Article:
Impermanence is my life. My friends, my houses, my stuff all seems transitional. I think I realized from a young age that best friends necklaces aren't promises. Things change. People change. That's just the nature of the universe.

Sometimes I take that understanding as a blessing, but sometimes its a bit scary.

I want to have a home.
But I'm starting to feel like that won't happen until I establish a new life with another person.

I'm frustrated as well about the fact that I feel like I'm not doing a very good job of being there for a friend of mine who is moving. I understand and care and want to be supportive, but I'm worried that I've spent so long disassociating myself and the process of moving that I'm not any help.

I thought maybe writing would get this out of my head and sorted out. Instead I'm just as muddled as when I started. Ugh.

Wednesday, June 20, 2007

Photo Blog- What I Did On My Day Off

So with Mark coming visit Lawrence this weekend, I thought it a perfect time to try out my vegetarian/vegan cooking skills. I'm all for having fun and making dinner with other people, but it's been (and will continue to be) a long week for both of us, so I decided to make a couple of meals ahead of time and pop them in the freezer. You get to share the experience with me! YAY!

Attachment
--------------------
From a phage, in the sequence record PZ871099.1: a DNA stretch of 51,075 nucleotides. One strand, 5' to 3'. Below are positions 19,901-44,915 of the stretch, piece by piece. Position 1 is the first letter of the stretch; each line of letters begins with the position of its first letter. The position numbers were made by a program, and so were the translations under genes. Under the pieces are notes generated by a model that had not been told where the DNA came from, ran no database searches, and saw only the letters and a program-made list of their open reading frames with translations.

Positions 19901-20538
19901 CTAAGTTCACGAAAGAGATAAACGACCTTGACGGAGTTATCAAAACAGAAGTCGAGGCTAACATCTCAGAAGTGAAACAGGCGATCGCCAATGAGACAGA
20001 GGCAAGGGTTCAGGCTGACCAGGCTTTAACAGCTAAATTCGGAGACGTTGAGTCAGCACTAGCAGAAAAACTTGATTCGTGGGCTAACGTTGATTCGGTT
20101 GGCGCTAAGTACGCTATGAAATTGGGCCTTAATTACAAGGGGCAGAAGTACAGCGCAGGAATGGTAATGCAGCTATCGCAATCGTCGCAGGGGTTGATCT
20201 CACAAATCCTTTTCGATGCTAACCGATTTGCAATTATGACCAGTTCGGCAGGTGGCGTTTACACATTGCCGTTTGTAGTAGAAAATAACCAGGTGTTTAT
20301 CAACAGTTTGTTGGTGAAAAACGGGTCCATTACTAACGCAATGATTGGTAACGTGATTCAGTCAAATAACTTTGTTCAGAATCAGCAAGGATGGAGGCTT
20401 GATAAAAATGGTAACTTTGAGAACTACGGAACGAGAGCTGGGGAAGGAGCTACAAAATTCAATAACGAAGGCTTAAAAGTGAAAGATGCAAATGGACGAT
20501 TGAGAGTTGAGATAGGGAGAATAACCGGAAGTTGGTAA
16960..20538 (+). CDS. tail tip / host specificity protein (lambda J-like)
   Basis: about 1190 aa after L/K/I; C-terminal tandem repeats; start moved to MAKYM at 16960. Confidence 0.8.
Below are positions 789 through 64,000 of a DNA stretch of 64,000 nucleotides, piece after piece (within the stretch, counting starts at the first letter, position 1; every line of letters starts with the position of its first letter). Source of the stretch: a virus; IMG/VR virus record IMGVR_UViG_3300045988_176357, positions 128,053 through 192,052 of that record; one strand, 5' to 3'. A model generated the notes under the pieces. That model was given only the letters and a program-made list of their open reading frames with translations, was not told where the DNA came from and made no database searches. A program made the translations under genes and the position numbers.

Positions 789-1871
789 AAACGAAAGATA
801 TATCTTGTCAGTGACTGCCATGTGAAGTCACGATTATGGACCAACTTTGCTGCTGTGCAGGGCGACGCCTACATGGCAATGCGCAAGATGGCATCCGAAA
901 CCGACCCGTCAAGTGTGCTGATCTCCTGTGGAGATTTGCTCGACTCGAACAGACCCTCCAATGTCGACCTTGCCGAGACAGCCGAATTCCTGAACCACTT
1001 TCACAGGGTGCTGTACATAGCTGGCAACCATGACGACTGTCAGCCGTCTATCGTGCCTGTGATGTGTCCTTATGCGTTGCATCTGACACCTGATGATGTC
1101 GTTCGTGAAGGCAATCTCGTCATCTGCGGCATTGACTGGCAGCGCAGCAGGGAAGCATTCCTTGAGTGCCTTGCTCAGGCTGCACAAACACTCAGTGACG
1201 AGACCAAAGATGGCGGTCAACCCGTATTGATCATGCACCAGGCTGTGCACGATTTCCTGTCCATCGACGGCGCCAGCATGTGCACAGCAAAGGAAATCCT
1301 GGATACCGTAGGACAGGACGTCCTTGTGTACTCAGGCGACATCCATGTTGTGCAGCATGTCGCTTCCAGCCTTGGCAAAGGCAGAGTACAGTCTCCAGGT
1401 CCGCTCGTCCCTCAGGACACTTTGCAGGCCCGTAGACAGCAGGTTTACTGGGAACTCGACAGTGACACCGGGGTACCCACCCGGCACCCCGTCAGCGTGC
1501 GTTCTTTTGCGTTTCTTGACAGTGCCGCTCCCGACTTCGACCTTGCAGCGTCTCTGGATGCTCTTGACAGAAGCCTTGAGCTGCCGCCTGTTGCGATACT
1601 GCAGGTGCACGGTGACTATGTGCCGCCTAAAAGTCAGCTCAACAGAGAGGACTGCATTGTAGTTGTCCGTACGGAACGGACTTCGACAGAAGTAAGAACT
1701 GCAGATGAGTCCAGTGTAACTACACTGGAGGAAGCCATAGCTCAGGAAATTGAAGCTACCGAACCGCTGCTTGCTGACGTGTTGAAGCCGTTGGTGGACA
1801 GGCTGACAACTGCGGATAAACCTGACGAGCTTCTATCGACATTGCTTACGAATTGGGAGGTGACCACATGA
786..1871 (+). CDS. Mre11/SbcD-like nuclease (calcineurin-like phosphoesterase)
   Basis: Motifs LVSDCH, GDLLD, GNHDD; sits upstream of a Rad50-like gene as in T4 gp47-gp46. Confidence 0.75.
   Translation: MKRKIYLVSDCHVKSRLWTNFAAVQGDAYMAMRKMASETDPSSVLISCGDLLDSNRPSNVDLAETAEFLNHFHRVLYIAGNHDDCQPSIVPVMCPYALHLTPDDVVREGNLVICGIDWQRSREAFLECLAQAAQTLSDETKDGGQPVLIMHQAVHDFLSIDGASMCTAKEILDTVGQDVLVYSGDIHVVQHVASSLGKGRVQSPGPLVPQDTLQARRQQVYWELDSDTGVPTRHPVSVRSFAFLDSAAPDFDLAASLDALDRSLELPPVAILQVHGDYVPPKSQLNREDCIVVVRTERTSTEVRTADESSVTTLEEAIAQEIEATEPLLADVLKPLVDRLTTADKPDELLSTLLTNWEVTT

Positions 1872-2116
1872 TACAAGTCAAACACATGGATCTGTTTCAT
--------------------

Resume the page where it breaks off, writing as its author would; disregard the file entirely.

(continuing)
First dish attempted- VEGETARIAN ENCHILADAS!
This is my mom's recipe, a family favorite, that I modified to make it vegetarian.
(It would be completely vegan except that I didn't have the patience to try and find/make non-dairy broccoli and cheddar rice. Sorry...a few cows had to suffer.)

They're pretty simple. Rice, chilies, jalapeños, onions, garlic, enchilada sauce and soy cheese.